During Tudor times, the “house at the back” was the home of the Keeper of Whitehall Palace, responsible for maintaining the palace including the Cockpit. For many years, it was occupied by Thomas Knevett (or Knyvet), famous for capturing Guy Fawkes in 1605 and foiling his plot to assassinate James I. The previous year, Knevett vacated the house at the back and occupied a house next door, standing where Number Ten is today. This article or section does not cite any references or sources. ... James Stuart (19 June 1566 – 27 March 1625) was King of Scots as James VI, and King of England and King of Ireland as James I. He ruled in Scotland as James VI from 24 July 1567, when he was only one year old. ...


From this time, members of the royal family and government officials lived in the house at the back. In 1604, James I’s four-year-old son Prince Charles (the future Charles I) lived there briefly. After the property was extended to include the Little Close Tennis Court where Henry VIII played his favourite game, and a kitchen and rooms for domestic staff were built, eight-year-old Princess Elizabeth moved in. Elizabeth lived in the house at the back until 1613 when she married the Elector Palatine and moved to Hanover. There she became the grandmother of George, the Elector of Hanover, who became King of England in 1714, and the great-grandmother of King George II, who offered the house to Walpole in 1732. Thus over a period of one hundred years the house at the back symbolically links the English Houses of Stuart and Hanover. Charles I (19 November 1600 – 30 January 1649) was King of England, King of Scotland, and King of Ireland from 27 March 1625 until his execution in 1649. ... Henry VIII (28 June 1491 - 28 January 1547) was King of England and Lord of Ireland, later King of Ireland, from 22 April 1509 until his death. ... A palatinate is an area administered by a count palatine, originally the direct representative of the sovereign but later the hereditary ruler of the territory subject to the crowns overlordship. ... Hanover (German: , IPA: ), on the river Leine, is the capital of the federal state of Lower Saxony (Niedersachsen), Germany. ... George I (George Louis; 28 May 1660 – 11 June 1727) was the first Hanoverian King of Great Britain and King of Ireland, from 1 August 1714 until his death. ... Hanover (German Hannover) is a historical territory in todays Germany. ... George II (George Augustus; 10 November 1683 – 25 October 1760) was King of Great Britain and Ireland, Duke of Brunswick-Lüneburg (Hanover) and Archtreasurer and Prince-Elector of the Holy Roman Empire from 11 June 1727 until his death. ... This article or section does not cite any references or sources. ... The House of Hanover (the Hanoverians) were a German royal dynasty which succeeded the House of Stuart as monarchs of Great Britain in 1714. ...


Oliver Cromwell lived in the house at the back between 1650 and 1654; his widow, for a year in 1659. George Monck, 1st Duke of Albemarle, the general who made possible the Restoration of the monarchy, lived there from 1660 until his death in 1671. Albemarle was First Commissioner of the Great Treasury Commission of 1667-1672 that transformed royal accounting and allowed the Sovereign greater control over expenses. These measures also laid the foundations for the legal authority of the office of First Lord of the Treasury. The man thought to be most responsible for developing these measures was Albemarle's Secretary, Sir George Downing. Albemarle is the first person associated with the Treasury to live in what would eventually become the modern home of the First Lord of the Treasury and Prime Minister. Oliver Cromwell (April 25, 1599–September 3, 1658) was an English military and political leader best known for making England a republic and leading the Commonwealth of England. ... George Monck, 1st Duke of Albemarle by Sir Peter Lely, painted 1665–1666. ... Sir George Downing, 1st Baronet (c. ...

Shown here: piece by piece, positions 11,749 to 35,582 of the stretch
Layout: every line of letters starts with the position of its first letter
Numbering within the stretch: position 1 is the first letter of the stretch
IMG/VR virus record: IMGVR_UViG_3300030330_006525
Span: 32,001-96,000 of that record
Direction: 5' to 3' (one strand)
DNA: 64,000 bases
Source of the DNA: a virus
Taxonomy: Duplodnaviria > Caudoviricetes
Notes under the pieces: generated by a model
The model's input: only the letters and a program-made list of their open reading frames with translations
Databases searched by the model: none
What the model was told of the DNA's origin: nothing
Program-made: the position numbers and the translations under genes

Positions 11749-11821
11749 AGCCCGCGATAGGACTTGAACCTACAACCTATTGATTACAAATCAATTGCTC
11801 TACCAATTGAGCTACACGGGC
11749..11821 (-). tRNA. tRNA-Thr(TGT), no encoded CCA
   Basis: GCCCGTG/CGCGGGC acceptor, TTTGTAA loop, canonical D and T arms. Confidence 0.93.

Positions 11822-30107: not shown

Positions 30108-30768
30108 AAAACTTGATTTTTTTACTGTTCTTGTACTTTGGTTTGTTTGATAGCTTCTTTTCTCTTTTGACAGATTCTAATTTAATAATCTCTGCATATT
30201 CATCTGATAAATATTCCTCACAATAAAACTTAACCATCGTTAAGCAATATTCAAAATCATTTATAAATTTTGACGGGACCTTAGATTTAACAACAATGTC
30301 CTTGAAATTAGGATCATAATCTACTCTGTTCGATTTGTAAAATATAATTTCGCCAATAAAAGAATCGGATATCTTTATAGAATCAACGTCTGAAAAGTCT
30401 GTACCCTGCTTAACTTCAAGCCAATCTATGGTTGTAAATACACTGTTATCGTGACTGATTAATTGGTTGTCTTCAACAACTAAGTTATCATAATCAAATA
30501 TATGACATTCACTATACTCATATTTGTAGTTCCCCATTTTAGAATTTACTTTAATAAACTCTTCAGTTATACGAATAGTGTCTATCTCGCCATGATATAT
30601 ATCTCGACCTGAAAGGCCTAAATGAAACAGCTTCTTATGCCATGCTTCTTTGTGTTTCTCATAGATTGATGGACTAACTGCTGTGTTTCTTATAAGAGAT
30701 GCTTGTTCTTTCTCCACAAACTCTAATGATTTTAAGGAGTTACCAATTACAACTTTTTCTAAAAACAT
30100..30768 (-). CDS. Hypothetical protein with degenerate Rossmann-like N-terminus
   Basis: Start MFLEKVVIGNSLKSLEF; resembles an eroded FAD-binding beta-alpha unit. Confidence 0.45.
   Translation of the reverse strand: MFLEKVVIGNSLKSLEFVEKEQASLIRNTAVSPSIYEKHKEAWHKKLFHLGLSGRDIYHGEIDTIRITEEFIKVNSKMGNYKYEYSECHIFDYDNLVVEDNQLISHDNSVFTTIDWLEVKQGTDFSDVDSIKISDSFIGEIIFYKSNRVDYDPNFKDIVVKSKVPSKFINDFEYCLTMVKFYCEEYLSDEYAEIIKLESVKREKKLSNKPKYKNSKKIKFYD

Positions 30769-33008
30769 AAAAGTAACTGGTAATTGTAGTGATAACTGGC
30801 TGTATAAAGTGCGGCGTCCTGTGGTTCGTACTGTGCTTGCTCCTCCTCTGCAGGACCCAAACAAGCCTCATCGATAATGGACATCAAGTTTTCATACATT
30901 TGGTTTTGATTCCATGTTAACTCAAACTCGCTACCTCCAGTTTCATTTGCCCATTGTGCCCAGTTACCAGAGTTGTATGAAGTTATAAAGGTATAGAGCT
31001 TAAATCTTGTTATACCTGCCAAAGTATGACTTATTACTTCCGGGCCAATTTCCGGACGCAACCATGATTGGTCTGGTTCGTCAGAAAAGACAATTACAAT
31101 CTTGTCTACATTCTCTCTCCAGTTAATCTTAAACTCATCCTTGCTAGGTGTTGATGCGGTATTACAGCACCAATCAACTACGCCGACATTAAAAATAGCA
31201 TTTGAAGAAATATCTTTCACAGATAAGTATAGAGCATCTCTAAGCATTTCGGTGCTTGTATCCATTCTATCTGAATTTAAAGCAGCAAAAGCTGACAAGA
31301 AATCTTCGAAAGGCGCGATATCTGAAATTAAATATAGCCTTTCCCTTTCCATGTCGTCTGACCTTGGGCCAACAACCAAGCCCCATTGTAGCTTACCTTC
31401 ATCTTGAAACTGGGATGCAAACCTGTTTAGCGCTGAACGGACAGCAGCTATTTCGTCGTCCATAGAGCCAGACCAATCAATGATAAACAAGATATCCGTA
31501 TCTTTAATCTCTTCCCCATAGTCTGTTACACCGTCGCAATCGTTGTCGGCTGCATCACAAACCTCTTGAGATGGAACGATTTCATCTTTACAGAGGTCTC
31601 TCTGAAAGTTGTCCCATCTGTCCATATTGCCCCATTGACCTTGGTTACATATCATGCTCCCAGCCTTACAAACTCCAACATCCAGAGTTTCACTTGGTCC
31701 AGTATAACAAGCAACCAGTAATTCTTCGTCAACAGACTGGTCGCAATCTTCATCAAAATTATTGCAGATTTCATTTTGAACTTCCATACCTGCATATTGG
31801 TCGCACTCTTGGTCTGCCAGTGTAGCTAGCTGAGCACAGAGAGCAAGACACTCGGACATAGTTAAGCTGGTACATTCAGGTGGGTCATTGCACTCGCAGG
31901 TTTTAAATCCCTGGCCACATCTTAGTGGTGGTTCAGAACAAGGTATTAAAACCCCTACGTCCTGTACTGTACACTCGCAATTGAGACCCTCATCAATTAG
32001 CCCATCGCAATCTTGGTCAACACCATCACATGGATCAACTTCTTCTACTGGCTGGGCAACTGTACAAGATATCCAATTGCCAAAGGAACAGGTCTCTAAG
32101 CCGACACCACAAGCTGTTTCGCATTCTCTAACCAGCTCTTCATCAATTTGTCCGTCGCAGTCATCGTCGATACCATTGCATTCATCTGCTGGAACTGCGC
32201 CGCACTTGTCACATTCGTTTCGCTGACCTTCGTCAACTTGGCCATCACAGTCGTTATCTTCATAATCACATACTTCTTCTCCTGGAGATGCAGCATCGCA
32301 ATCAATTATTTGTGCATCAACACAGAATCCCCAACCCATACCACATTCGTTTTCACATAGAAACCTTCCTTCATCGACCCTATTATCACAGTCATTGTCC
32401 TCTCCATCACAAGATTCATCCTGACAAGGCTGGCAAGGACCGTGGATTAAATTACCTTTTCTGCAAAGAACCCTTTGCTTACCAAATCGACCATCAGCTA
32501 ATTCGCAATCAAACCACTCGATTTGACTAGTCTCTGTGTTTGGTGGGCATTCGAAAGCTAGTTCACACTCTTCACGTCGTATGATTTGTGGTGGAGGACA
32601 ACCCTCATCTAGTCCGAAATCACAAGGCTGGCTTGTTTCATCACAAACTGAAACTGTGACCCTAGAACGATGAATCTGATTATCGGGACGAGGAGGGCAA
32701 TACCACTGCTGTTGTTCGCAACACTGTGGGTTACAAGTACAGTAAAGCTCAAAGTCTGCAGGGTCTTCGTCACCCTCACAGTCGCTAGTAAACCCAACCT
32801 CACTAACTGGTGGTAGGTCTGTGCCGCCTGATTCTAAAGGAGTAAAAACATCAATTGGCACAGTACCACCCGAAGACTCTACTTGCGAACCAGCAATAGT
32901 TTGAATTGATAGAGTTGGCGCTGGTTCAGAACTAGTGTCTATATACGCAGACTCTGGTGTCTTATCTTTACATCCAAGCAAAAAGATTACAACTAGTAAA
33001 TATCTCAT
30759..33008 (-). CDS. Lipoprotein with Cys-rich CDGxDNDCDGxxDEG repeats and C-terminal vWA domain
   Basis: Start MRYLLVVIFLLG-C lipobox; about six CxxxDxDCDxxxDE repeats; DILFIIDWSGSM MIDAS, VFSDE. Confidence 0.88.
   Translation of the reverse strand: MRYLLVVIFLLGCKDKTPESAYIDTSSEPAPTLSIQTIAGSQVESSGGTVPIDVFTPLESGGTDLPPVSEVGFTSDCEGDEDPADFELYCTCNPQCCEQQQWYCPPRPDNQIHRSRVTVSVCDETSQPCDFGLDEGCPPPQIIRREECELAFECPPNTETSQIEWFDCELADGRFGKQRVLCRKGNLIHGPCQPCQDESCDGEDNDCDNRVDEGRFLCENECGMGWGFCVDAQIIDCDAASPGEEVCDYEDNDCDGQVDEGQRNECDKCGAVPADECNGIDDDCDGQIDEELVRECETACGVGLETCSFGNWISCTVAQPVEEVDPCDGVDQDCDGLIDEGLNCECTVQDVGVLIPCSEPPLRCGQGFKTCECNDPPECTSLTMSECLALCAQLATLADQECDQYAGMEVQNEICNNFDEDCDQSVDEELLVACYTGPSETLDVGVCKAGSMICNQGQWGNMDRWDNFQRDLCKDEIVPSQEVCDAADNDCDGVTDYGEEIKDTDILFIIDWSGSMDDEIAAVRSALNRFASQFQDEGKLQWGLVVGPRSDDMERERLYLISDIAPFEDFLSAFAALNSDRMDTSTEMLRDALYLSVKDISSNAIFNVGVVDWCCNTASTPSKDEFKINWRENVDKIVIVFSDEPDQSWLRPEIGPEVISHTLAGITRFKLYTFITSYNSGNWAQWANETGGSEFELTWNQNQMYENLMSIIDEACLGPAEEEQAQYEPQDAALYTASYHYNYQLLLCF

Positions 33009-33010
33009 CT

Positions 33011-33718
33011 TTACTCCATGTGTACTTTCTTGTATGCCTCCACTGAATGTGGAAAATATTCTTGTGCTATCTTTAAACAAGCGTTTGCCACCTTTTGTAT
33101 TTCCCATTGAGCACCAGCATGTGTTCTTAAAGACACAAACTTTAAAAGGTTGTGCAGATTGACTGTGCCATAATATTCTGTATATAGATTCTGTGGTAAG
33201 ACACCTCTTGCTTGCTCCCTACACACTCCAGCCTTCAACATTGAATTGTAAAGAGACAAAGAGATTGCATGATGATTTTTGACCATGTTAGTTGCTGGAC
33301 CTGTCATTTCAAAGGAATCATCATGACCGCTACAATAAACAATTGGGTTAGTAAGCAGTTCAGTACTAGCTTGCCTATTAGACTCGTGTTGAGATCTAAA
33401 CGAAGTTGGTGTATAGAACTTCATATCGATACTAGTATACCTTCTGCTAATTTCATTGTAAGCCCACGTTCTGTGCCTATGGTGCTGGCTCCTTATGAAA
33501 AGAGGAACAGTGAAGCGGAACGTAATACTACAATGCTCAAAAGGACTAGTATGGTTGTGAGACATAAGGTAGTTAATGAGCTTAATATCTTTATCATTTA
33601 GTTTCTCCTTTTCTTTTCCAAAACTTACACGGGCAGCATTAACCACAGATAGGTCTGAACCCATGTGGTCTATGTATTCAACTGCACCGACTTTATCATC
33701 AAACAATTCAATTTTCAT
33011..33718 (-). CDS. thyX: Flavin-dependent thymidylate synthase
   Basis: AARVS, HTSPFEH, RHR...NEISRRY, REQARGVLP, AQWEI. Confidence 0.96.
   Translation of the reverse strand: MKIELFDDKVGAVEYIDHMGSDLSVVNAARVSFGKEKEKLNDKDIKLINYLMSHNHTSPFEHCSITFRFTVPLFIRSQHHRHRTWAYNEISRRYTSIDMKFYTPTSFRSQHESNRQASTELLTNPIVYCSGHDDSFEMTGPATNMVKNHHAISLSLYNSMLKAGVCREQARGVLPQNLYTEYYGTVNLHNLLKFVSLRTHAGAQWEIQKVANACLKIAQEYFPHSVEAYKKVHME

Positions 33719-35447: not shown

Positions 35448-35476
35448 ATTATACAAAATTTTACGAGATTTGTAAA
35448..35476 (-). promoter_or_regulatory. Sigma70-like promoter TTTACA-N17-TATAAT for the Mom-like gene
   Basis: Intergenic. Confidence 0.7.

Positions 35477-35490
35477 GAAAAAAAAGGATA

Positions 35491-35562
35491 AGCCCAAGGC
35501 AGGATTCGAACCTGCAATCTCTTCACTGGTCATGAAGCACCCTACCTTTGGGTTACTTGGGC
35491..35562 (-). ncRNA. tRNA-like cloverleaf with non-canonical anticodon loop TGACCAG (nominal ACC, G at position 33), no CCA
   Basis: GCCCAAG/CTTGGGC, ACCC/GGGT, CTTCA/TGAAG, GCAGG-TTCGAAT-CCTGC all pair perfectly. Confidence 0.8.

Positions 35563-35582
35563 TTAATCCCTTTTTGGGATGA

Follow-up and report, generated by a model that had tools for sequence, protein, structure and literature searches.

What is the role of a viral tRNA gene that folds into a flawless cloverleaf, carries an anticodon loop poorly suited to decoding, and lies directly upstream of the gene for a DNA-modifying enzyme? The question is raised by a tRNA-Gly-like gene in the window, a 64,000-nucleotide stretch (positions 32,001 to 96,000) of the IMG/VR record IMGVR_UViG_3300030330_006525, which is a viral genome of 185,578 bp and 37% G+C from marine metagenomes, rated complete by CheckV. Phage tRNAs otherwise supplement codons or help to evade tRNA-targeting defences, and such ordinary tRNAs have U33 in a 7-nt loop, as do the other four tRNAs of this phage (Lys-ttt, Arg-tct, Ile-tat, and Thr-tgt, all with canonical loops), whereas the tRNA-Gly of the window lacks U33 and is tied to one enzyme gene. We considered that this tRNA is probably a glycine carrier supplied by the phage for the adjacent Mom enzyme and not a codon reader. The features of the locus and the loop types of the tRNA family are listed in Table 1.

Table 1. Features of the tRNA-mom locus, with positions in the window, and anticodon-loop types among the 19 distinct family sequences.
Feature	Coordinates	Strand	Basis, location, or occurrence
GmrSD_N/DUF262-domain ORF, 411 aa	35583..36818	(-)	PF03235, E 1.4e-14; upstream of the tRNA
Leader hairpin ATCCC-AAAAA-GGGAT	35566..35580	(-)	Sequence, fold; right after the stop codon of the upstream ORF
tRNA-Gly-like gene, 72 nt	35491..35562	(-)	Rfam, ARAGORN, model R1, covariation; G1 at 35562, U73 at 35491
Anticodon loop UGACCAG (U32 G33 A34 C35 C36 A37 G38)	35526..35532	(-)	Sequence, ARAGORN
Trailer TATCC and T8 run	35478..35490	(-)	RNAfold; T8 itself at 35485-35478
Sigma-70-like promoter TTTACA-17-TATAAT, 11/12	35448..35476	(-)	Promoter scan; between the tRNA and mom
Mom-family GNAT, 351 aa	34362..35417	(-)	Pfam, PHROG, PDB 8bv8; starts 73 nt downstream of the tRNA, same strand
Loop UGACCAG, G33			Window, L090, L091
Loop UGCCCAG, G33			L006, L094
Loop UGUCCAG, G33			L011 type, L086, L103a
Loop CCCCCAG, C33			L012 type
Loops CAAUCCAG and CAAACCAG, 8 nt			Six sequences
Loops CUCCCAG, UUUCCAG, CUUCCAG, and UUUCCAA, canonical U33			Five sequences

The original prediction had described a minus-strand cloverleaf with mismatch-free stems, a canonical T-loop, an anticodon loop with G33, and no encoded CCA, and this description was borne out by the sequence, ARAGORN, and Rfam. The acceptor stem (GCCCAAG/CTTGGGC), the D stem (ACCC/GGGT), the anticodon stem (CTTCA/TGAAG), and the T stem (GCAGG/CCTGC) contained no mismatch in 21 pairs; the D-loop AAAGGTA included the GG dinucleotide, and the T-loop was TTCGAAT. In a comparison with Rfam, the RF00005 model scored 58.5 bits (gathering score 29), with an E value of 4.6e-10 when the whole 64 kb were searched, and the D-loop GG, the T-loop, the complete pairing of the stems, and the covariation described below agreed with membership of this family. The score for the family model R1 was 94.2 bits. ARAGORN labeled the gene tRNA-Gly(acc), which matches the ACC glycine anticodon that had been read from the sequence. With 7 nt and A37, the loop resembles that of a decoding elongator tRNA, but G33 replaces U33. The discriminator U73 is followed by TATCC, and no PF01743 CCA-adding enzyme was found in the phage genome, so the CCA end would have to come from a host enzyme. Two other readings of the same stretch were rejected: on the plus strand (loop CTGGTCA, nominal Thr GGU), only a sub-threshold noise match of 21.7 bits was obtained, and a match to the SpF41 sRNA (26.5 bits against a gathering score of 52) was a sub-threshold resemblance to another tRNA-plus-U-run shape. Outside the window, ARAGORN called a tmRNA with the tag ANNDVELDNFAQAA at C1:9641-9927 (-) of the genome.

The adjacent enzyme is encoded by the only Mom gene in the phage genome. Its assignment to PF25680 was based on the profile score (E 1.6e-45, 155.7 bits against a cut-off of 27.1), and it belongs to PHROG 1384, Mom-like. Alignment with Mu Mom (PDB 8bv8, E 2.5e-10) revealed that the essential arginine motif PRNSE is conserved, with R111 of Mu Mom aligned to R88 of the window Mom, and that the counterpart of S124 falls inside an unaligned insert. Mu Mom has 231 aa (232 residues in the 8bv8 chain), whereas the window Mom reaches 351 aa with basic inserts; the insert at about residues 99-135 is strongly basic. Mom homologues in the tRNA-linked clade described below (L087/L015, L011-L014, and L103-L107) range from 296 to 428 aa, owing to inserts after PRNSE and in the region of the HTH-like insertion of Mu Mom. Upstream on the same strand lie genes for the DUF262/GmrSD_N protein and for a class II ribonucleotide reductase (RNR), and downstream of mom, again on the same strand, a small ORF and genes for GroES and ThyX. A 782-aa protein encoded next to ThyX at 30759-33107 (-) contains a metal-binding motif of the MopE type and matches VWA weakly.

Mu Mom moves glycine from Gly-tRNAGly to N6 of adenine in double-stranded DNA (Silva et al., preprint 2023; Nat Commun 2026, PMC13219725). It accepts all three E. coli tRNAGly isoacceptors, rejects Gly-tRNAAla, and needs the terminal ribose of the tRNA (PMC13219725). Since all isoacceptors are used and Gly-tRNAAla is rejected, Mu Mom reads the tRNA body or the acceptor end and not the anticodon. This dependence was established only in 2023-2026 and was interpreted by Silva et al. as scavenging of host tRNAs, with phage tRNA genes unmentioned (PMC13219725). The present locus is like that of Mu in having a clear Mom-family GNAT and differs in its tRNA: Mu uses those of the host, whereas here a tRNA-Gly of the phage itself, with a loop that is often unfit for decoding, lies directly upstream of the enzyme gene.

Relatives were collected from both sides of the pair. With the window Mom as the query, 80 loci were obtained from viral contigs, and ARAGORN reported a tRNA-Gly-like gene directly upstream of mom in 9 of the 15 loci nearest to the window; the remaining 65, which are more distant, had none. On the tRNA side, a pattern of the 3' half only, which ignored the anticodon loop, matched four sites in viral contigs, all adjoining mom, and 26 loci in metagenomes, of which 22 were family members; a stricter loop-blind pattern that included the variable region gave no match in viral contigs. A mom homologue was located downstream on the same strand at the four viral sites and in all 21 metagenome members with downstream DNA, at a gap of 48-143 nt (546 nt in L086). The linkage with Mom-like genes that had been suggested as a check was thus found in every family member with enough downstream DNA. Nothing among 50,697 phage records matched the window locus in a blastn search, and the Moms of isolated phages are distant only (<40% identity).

After Albemarle's death, the Prince of Orange, later William III of England, probably lived in the house at the back for a short time while visiting his uncle, Charles II. In the spring of 1671, George Villiers, 2nd Duke of Buckingham, took possession when he became a leading member of the Cabal Ministry. Buckingham rebuilt most of it at considerable government expense. The result was a spectacular, spacious mansion, lying parallel to Whitehall Palace. From its secluded ornamental garden there was a full view of St. James's Park where deer grazed and noble men and women strolled on paths adorned with sculpture. Prince of Orange is a title of nobility, originally associated with the principality of Orange in southern France. ... William III of England (The Hague, 14 November 1650 – Kensington Palace, 8 March 1702; also known as William II of Scotland and William III of Orange) was a Dutch aristocrat and a Protestant Prince of Orange from his birth, Stadtholder of the main provinces of the Dutch Republic from 28... Charles II (29 May 1630 – 6 February 1685) was the King of England, King of Scots, and King of Ireland from 30 January 1649 (de jure) or 29 May 1660 (de facto) until his death. ... To meet Wikipedias quality standards, this article or section may require cleanup. ...